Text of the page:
Andrea Cochran, FASLA, is a landscape architect and principal of the award-winning firm, Andrea Cochran Landscape Architecture, in San Francisco, California. The work of her firm sculpts and navigates space through the integration of landscape, art and architecture.
Beginnings – What attracted you to landscape architecture and how did you begin your career? Was there an influential experience, or mentor, that helped steer you toward this field?
I was attracted to landscape architecture because it combines my interests in art and natural sciences. As a child I liked to build forts in the woods and play outside, and I always loved to draw and make things. By the time I was in high school, I planned to go to art school but my parents strongly dissuaded me, saying that I needed to be able to support myself after graduation, and art school would not allow me to become independent. I entered college with plans to study veterinary medicine. I learned about landscape architecture in a freshman survey class, when the head of the department gave a guest lecture. I did not know the field existed, so I was extremely fortunate to discover this profession early on, through a complete coincidence. I immediately changed my major because I could see that it fulfilled my diverse interests and I have never regretted it.
What does “architecture culture” signify to you, and how do you go about contributing to, and/or changing, this culture? What are your hopes and dreams for the future of architecture and the built environment?
As architects and landscape architects we are uniquely qualified to visualize change in our environment and to translate that vision into reality. We lead by example and have the power to change long held cultural paradigms of how we live through our built works.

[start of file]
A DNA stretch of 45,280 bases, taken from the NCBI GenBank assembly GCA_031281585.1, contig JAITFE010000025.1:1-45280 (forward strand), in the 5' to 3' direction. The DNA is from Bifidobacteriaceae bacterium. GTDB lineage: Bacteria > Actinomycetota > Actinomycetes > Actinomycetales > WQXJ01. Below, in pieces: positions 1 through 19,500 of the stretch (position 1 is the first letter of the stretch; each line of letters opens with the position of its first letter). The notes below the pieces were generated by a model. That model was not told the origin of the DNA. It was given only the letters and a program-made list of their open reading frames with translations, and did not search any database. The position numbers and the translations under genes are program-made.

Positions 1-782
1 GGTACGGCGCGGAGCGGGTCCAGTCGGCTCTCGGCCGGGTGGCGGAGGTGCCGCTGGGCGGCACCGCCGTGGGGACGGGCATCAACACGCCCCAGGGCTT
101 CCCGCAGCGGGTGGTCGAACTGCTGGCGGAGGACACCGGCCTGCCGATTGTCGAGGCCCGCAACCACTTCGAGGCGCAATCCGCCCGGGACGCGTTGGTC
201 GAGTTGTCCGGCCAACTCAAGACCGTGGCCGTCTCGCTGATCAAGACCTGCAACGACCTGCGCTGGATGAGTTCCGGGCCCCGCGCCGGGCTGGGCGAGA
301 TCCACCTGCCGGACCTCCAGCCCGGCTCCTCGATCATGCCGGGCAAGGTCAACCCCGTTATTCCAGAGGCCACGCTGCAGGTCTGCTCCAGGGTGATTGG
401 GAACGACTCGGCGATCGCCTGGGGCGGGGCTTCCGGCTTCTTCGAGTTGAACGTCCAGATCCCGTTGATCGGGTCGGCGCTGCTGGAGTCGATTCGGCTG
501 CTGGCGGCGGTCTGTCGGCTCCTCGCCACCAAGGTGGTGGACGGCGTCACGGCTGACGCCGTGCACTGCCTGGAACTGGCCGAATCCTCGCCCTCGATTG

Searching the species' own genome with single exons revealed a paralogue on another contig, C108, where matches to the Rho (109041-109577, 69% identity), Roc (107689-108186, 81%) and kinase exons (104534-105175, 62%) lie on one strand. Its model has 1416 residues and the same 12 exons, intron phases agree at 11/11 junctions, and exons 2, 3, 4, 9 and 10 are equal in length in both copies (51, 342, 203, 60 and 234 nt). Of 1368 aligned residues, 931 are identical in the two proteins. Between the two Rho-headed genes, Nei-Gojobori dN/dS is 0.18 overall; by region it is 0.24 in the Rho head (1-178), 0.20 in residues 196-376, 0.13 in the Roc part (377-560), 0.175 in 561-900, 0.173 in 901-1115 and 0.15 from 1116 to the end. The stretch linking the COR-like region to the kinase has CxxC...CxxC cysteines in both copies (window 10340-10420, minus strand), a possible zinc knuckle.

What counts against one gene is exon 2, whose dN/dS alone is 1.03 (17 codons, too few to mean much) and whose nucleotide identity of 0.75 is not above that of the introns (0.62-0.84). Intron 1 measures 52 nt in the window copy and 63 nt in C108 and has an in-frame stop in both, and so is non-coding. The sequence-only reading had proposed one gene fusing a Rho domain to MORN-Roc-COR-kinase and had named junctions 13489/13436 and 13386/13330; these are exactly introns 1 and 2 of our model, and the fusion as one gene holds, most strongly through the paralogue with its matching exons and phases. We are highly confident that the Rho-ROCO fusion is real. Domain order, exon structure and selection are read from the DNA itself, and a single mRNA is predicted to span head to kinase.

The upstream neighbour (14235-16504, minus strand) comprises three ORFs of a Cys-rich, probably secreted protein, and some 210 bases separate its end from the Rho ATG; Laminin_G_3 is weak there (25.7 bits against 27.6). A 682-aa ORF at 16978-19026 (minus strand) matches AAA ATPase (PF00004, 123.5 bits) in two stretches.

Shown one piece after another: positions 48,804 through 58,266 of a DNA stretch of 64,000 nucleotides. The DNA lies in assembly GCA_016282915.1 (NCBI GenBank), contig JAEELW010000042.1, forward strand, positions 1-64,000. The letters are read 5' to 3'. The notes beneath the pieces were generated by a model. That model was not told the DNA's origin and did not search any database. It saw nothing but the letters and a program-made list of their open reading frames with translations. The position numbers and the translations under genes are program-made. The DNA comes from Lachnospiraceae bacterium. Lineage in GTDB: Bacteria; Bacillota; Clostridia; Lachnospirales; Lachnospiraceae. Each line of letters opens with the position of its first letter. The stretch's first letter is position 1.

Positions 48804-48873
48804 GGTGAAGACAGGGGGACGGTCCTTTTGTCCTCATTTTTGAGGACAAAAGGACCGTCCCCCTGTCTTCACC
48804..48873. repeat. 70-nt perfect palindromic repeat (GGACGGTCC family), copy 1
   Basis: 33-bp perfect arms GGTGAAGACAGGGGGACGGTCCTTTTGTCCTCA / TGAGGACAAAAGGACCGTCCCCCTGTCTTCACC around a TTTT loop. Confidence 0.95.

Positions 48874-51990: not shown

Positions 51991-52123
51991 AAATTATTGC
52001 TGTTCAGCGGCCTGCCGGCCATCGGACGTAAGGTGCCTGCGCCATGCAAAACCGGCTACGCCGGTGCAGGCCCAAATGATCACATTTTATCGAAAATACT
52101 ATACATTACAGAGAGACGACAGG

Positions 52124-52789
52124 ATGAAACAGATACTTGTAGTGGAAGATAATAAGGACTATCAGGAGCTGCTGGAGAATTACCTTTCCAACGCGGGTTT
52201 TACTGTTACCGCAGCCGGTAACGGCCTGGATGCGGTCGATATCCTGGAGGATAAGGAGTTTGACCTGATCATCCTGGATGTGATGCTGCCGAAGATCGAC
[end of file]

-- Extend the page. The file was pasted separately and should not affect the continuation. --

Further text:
In our work, we aim to alter conventions of how people relate to their environment, by creating visually compelling landscapes that defy their expectations and contribute to sustainability. We try to lead by example; for instance the lawn is a ubiquitous part of American culture. It is resource intensive and unsustainable in much of the country where water is scarce and it requires extensive pesticides and chemicals to thrive. Legislating change can help but we strive to fundamentally alter cultural expectations aesthetically, to embrace a landscape that looks different or performs differently because it has a beauty of its own. Most people cannot envision something that they have not seen so we must show them a new alternative.
Looking ahead, I am very excited about the leadership role that landscape architects are taking in shaping how we build in an increasingly urbanized world. Our role has become more critical in recent years because our broad training in design, natural sciences, and related engineering uniquely qualifies landscape architects to lead the multidisciplinary teams required to address increasingly complex environmental issues.
Advice for someone interested in entering an architecture-related field?
In my experience, the professions of architecture and landscape architecture are tremendously rewarding. The financial compensation with regard to the level of education required continues to be a concern, especially compared to other professions. However, I would not trade my life with anyone and I look forward to continuing to work well past the typical age for retirement because I am passionate about what I do. I wonder how many other professionals can say that. I am always learning and experimenting with new ideas and that keeps me engaged and excited.
Favorite site, place, building? Why does this particular location speak to you?
I have been tremendously moved by several ancient sites that I have visited: Delphi and the Parthenon in Greece and the Pantheon in Rome. Each place had a profound emotional impact on me that almost brought me to tears. There is an underlying power to these places that must be experienced in person to be grasped. It makes me wonder what the ancient world knew and what we have forgotten.